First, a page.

Glycemic Index: What's It All About?
Good carbohydrates, bad carbohydrates. Low glycemic index, high glycemic index. A great tool to help you manage diabetes or lose weight. You might have heard all these statements associated with the glycemic index. What is this glycemic index all about? Is it worth considering as a way to help you control your blood sugar levels?
The Glycemic Index: Food’s Impact on Blood Sugar in Diabetes
Researchers have spent years debating...
Use brown rice and whole wheat pasta. Look for 100% whole wheat flour and breads, as well as other grains such as oats and barley. Making the switch can be easy. For instance, there's frozen cooked brown rice that you microwave.
2. Get more fiber.
Aim for at least 8 grams of fiber per meal, especially if you're eating carbohydrate-rich foods. Go for soluble fiber, which is in:
Fruits like apples, mangoes, plums, kiwis, pears, blackberries, strawberries, raspberries, peaches, citrus fruits, and figs
Vegetables like artichokes, celery root, sweet potatoes, parsnips, turnips, acorn squash, potatoes with skin, Brussels sprouts, cabbage, broccoli, carrots, cauliflower, asparagus, and beets
Soluble fiber helps lower the rapid rise in blood sugar that tends to happen after eating carbohydrates. A fiber-rich diet also lowers the risk of heart disease, which is higher in people with diabetes.
3. Replace some carbs with good fat.
Monounsaturated fats -- nuts, avocadoes, olive oil, and canola oil -- can help lower blood sugar. Add nuts and avocado to salads and entrees. Use olive and canola oils to cook dinners. Look for products that contain either oil, such as salad dressings, marinades, marinara, and pesto. Keep portions modest so you don't get too many calories.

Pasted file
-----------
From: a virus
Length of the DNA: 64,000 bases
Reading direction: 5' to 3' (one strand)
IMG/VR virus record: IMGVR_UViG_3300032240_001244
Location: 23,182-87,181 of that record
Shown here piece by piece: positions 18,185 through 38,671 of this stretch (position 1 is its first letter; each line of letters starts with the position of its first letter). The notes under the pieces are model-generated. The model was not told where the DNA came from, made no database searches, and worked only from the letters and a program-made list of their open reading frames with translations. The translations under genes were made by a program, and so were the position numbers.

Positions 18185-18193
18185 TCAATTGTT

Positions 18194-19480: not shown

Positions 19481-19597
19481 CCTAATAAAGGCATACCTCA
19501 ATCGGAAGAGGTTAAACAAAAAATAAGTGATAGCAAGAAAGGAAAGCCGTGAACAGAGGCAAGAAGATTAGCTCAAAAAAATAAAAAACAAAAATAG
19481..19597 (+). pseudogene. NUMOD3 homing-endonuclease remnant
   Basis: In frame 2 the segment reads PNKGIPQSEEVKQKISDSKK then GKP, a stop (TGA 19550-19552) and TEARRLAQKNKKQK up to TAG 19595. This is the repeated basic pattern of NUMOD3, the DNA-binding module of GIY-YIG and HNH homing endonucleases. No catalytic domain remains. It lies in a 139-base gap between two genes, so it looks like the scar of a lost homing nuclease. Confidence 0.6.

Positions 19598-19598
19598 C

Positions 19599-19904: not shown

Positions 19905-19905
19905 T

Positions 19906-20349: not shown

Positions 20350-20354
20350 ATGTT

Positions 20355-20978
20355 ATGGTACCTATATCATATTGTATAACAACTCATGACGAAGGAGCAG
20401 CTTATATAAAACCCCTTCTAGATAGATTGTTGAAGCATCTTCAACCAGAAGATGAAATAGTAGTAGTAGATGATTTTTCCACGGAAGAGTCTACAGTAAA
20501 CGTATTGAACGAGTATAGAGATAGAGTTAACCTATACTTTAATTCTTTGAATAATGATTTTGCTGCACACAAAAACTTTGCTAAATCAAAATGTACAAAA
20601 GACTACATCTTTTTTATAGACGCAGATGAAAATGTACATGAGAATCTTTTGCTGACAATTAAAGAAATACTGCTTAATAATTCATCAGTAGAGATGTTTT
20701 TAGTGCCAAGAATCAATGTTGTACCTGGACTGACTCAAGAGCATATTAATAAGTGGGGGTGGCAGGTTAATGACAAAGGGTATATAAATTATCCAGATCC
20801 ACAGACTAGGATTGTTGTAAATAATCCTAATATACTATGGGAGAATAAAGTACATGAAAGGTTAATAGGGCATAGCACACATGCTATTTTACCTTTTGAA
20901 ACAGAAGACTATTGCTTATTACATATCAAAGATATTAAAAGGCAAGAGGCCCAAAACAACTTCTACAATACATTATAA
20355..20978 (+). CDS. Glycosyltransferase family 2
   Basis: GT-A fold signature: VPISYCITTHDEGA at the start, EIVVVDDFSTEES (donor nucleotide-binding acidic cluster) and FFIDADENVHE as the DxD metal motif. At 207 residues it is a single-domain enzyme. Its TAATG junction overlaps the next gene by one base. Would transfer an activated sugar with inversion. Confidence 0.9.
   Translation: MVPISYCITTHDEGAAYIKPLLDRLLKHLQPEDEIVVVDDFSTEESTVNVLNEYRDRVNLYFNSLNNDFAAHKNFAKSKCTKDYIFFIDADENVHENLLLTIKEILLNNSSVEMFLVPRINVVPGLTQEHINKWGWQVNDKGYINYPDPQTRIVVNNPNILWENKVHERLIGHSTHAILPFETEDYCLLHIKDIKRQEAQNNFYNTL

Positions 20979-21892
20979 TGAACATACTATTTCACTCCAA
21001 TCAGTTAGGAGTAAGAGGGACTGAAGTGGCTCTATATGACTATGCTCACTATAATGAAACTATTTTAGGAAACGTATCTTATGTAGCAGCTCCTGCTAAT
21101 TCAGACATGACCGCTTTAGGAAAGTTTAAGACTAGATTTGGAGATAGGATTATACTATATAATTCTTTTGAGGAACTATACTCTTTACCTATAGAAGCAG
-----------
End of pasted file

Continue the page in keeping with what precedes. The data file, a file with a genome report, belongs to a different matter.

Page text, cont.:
4. Eat foods that won't spike blood sugar.
Foods that aren't likely to cause a big rise in blood sugar include meat, poultry, fish, avocados, salad vegetables, eggs, and cheese. Eating these kinds of foods will help balance carbohydrate-containing foods included in your meal.
5. Choose recipes with less saturated fat.
Look for ingredients such as:
Extra-lean beef -- grass-fed if available
6. Know the nutritional values in the recipes you use.
Find out the amount of carbohydrates, fiber, and fat per serving. Then stay close to the appropriate portions by serving up your food on small plates.
7. Replace butter and shortening with canola or olive oil.
Both canola oil and olive oil are better choices. Both are rich in monounsaturated fat, and canola oil also has heart-healthy omega-3 fatty acids.
8. Prep for salads ahead of time.
Store a large spinach salad or vegetable-filled romaine lettuce salad without dressing in an airtight container. You can have crisp, wonderful salad with your dinner or as a snack for the next several days.
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Your level is currently
If the level is below 70 or you are experiencing symptoms such as shaking, sweating or difficulty thinking, you will need to raise the number immediately. A quick solution is to eat a few pieces of hard candy or 1 tablespoon of sugar or honey. Recheck your numbers again in 15 minutes to see if the number has gone up. If not, repeat the steps above or call your doctor.
People who experience hypoglycemia several times in a week should call their health care provider. It's important to monitor your levels each day so you can make sure your numbers are within the range. If you are pregnant always consult with your health care provider.
Congratulations on taking steps to manage your health.
However, it's important to continue to track your numbers so that you can make lifestyle changes if needed. If you are pregnant always consult with your physician.
Your level is high if this reading was taken before eating. Aim for 70-130 before meals and less than 180 two hours after meals.
Even if your number is high, it's not too late for you to take control of your health and lower your blood sugar.
One of the first steps is to monitor your levels each day. If you are pregnant always consult with your physician.
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